Cranswick, which owns Crown Chicken, is not the only major food manufacturer investing in new facilities. Poultry integrators 2 Sisters, Cargill, and Moy Park have also announced multi-million pound investments in poultry processing to meet growing demand.
Moy Park’s ongoing strategic investment programme is focused on enhancing operations across its agriculture and processing facilities and last year it invested over £40 million as part of this strategy – boosting production to a record 6 million birds per week in response to growing customer demand, for the first time in its 75-year history.
Recently, the firm, which is Northern Ireland’s biggest private sector employer, announced an investment of over £18 million across a number of sites in Lincolnshire. At the Anwick facility, Moy Park has completed a £6 million investment which saw a refresh of the factory’s layout and installation of state-of-the-art equipment, including robotic and automation technology.
A £12 million investment is also underway at the nearby Grantham facility which will see the installation of new, high-tech mixing and processing equipment as well as the creation of Moy Park’s first fully contained ‘free from’ factory within the Grantham site.
Many consumers are taking health and healthy eating more seriously, and the growth of free-from categories is one area which exemplifies this – even in prepared poultry products. Whilst only small numbers of consumers actually suffer from a food allergy, far greater numbers are changing their eating behaviour for health reasons; 5% of consumers suffer from gluten intolerance, but 30% say that they have eaten a gluten free product in the last six months.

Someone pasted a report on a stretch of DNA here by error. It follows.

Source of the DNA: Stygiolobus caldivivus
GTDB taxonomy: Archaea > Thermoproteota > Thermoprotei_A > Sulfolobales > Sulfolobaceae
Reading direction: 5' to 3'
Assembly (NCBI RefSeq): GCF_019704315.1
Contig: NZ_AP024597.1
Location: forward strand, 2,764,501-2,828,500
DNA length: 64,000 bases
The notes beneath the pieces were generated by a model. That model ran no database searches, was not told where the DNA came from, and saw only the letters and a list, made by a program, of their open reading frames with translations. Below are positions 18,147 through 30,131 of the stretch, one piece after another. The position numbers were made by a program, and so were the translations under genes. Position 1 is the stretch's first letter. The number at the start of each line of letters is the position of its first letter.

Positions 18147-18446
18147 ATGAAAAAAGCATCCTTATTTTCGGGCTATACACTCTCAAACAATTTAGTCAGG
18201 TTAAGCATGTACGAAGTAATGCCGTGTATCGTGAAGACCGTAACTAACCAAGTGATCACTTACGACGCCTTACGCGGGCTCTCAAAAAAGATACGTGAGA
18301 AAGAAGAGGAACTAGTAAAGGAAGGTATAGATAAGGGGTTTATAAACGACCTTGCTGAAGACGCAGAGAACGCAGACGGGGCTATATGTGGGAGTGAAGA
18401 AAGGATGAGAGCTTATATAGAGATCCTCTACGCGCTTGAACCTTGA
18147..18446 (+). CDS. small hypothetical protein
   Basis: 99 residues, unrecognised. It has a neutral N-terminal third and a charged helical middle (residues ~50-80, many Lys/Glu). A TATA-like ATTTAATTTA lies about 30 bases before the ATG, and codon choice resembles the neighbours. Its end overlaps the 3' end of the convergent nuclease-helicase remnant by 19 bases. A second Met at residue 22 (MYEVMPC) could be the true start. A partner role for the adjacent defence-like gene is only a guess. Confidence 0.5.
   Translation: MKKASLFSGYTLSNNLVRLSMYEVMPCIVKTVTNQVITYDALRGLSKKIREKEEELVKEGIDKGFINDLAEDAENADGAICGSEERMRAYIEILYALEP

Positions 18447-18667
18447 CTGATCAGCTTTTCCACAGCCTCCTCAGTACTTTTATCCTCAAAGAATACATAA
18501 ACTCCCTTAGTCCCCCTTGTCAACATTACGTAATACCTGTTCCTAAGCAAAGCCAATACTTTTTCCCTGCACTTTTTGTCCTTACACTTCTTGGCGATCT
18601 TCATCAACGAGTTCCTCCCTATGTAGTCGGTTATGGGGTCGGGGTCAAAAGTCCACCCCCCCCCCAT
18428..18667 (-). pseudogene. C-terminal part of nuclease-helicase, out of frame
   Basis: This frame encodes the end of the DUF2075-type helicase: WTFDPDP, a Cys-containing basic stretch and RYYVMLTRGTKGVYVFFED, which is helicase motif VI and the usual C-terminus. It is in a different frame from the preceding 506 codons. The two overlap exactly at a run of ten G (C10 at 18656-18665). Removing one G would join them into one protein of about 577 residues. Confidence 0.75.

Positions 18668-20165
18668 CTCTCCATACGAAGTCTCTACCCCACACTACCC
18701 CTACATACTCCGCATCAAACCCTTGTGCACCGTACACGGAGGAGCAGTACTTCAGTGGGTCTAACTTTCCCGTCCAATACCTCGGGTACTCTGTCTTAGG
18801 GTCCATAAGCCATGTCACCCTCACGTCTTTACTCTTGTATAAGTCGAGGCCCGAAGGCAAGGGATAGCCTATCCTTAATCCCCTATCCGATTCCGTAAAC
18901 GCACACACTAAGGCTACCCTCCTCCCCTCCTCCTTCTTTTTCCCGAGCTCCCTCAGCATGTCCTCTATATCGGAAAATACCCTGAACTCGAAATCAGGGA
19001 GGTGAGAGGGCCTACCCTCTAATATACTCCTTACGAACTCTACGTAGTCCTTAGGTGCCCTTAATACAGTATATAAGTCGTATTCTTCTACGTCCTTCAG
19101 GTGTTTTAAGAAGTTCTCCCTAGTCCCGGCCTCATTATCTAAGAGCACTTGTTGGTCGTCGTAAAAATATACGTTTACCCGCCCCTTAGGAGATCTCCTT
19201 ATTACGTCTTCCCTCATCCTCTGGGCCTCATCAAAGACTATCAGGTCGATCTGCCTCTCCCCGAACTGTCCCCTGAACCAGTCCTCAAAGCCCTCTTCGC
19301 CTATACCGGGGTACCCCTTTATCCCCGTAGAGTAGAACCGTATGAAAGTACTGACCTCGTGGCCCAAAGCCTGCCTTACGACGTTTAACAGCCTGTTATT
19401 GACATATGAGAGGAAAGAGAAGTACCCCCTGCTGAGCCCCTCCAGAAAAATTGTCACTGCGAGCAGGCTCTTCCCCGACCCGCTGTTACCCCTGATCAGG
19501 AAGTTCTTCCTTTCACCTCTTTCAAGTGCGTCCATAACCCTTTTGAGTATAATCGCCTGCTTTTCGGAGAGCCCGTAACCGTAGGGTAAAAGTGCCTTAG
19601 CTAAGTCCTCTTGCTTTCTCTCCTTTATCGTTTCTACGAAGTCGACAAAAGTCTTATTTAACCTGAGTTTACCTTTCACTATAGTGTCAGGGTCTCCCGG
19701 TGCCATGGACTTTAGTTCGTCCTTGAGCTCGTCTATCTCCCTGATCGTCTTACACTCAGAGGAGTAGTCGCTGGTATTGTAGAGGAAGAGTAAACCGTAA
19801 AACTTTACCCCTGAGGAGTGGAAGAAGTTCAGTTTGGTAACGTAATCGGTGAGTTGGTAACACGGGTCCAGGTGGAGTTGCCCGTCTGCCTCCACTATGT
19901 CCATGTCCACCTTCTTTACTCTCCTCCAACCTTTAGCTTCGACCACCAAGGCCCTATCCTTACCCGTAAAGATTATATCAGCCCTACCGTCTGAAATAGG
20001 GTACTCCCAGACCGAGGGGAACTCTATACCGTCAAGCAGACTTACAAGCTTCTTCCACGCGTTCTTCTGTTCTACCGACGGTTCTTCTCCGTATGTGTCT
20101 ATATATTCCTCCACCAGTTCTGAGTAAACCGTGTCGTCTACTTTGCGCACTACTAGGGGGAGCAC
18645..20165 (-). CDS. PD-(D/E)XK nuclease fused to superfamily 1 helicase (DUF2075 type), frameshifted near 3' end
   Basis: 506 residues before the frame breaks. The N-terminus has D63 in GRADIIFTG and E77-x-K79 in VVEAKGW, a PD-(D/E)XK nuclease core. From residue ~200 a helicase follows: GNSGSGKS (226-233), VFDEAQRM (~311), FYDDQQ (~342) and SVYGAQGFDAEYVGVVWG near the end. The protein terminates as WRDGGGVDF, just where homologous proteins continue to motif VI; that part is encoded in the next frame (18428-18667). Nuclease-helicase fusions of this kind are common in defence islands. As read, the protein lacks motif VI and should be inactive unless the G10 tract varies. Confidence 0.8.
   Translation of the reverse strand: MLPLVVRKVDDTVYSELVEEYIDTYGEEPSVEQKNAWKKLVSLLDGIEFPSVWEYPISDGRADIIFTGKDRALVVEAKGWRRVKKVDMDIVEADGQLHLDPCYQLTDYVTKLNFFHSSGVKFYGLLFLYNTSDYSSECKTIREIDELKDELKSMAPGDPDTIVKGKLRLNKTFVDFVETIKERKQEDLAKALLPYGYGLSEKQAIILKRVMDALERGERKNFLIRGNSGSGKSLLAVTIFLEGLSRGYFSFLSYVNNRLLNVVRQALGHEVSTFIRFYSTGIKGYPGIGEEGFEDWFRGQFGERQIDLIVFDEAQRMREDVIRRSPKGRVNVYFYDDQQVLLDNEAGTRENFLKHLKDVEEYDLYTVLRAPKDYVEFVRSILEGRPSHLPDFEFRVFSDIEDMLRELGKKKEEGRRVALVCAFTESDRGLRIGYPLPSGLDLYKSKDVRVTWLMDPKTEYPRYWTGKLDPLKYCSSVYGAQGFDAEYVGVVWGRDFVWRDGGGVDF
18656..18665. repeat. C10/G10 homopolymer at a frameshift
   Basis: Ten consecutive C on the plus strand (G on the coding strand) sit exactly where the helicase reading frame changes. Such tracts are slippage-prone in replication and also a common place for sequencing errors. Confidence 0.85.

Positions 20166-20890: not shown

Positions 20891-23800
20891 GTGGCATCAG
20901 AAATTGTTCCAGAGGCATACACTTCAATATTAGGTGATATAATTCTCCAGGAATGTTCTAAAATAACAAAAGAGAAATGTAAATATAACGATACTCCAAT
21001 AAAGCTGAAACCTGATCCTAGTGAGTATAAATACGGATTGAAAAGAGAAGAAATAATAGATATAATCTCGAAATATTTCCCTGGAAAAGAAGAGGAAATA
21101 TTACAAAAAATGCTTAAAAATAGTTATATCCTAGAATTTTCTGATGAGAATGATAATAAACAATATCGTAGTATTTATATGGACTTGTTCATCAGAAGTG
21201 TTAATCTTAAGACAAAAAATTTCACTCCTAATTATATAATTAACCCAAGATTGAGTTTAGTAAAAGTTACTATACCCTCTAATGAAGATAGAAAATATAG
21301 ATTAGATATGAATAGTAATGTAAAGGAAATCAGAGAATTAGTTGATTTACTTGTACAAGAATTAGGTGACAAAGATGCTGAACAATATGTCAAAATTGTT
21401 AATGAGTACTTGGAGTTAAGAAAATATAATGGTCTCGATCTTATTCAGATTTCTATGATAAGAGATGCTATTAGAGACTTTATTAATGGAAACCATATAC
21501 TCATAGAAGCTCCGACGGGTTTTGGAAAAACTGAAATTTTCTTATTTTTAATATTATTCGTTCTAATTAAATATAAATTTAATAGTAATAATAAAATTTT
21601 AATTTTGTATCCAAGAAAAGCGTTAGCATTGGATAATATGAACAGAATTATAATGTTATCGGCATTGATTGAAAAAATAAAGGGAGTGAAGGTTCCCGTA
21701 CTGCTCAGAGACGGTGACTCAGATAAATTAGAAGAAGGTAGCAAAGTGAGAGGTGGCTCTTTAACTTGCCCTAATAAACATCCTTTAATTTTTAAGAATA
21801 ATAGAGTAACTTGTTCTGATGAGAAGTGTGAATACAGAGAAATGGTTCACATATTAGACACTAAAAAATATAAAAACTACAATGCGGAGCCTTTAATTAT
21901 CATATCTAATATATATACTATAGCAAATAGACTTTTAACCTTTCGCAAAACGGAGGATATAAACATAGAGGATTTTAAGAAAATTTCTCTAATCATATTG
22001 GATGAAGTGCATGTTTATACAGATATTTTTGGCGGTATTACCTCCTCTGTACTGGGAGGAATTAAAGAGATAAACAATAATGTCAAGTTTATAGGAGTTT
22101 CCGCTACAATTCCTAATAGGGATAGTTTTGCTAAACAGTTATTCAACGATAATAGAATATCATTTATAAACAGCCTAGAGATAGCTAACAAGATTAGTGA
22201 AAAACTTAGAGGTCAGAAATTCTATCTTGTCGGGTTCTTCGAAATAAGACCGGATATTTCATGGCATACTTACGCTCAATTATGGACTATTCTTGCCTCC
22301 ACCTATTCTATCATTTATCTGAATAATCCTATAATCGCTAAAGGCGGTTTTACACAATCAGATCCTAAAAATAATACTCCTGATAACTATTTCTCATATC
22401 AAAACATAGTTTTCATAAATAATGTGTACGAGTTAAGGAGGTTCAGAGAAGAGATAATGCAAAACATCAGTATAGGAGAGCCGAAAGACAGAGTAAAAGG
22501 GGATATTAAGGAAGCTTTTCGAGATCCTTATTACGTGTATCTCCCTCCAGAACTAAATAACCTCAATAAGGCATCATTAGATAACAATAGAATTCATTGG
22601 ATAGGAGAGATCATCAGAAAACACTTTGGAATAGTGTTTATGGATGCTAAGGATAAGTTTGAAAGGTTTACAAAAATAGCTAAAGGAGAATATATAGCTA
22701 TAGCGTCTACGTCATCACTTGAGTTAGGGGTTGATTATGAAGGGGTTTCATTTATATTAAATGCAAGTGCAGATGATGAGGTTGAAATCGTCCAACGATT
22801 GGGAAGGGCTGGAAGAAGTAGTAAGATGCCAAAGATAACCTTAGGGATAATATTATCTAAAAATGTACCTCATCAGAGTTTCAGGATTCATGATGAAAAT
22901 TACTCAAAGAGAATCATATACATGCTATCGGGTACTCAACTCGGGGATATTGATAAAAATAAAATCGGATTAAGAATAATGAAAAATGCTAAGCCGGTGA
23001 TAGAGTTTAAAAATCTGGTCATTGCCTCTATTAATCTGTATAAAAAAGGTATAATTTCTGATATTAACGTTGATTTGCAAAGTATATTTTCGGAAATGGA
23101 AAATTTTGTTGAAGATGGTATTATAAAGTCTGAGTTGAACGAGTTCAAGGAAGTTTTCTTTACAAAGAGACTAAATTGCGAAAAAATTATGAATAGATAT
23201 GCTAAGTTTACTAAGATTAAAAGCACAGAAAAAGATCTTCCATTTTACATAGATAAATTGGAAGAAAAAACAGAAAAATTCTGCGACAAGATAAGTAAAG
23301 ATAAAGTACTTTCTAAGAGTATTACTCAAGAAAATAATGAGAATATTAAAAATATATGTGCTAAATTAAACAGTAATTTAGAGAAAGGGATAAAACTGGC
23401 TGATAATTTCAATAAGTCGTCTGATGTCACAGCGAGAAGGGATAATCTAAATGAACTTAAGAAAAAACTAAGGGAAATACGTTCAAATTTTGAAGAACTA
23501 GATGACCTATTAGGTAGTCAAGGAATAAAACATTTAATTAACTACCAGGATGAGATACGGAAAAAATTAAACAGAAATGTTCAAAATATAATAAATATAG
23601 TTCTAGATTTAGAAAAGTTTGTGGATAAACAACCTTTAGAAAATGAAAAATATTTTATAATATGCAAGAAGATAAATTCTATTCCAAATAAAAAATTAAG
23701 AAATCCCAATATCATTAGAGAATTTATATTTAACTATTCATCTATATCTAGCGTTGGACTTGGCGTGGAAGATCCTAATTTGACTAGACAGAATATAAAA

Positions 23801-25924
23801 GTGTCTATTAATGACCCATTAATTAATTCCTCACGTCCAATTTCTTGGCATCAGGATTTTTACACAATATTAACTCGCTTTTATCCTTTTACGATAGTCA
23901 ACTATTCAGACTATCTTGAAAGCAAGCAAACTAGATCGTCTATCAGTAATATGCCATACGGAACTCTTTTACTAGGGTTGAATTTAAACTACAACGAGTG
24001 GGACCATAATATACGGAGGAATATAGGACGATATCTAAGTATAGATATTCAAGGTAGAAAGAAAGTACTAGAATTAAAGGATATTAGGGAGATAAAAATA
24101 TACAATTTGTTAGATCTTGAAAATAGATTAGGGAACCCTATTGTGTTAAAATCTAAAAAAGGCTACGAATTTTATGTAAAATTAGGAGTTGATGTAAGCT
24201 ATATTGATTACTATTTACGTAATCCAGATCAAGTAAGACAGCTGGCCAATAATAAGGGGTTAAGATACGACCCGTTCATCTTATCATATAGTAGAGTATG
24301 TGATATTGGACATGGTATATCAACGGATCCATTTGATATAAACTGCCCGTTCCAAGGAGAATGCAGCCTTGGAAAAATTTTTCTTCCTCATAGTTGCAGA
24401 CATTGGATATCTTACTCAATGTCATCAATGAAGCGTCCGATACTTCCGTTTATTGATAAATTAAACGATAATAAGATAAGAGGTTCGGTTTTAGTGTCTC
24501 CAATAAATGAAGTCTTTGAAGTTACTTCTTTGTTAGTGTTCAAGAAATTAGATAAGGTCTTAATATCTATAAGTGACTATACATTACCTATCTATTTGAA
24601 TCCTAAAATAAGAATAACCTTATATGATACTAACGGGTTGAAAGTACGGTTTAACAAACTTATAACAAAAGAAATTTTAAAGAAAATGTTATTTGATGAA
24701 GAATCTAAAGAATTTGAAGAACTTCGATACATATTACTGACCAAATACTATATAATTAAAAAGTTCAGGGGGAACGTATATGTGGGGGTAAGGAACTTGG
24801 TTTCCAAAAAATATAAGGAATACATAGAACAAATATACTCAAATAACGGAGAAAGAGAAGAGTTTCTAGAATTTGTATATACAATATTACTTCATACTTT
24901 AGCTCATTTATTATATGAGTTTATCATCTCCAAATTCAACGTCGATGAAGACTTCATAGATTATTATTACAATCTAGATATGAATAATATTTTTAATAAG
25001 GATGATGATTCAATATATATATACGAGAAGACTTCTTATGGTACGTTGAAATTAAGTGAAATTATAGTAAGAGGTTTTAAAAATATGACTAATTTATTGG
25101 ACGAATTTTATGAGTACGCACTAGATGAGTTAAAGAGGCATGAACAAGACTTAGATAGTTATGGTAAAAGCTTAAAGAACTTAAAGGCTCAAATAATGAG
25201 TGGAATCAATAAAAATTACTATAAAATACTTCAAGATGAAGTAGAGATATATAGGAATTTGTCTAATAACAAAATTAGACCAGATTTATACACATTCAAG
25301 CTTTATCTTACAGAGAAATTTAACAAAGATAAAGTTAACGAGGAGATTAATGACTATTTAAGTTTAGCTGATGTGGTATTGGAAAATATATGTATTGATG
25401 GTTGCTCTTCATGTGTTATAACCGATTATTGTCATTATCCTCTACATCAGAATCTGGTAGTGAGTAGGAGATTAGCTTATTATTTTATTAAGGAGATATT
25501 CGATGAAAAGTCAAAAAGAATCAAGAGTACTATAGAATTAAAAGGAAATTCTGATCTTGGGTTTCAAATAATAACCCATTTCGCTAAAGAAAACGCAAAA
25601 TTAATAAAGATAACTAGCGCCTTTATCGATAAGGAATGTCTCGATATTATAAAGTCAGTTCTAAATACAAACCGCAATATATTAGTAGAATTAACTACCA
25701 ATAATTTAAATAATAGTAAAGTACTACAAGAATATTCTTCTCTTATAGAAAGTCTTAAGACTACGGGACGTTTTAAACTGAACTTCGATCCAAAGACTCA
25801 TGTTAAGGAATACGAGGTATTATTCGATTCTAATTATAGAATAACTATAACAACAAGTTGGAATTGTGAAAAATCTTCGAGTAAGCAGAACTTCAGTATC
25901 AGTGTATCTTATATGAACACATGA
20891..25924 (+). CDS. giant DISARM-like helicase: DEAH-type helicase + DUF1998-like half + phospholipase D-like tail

This level of interest is continuing to drive double digit growth in the market and, with interest in gluten free highest amongst younger shoppers, this is a trend which Moy Park says it expects to continue to develop for many years.
Room for expansion
Cranswick, which is the parent company of Crown Chicken, isn’t limiting its investment to a new plant in Suffolk. A new £28 million continental foods facility in Bury, Lancashire is progressing to plan, and there will also be a £13 million investment to upscale existing milling and hatchery facilities in Suffolk, complementing the new processing plant.
Adam Couch, Cranswick’s chief executive said in the firm’s most recent financial results it had invested a record £29 million in infrastructure during the first half of the year. He described the new plant at Eye as a “class-leading facility” and said it would “double our existing capacity with further room for expansion.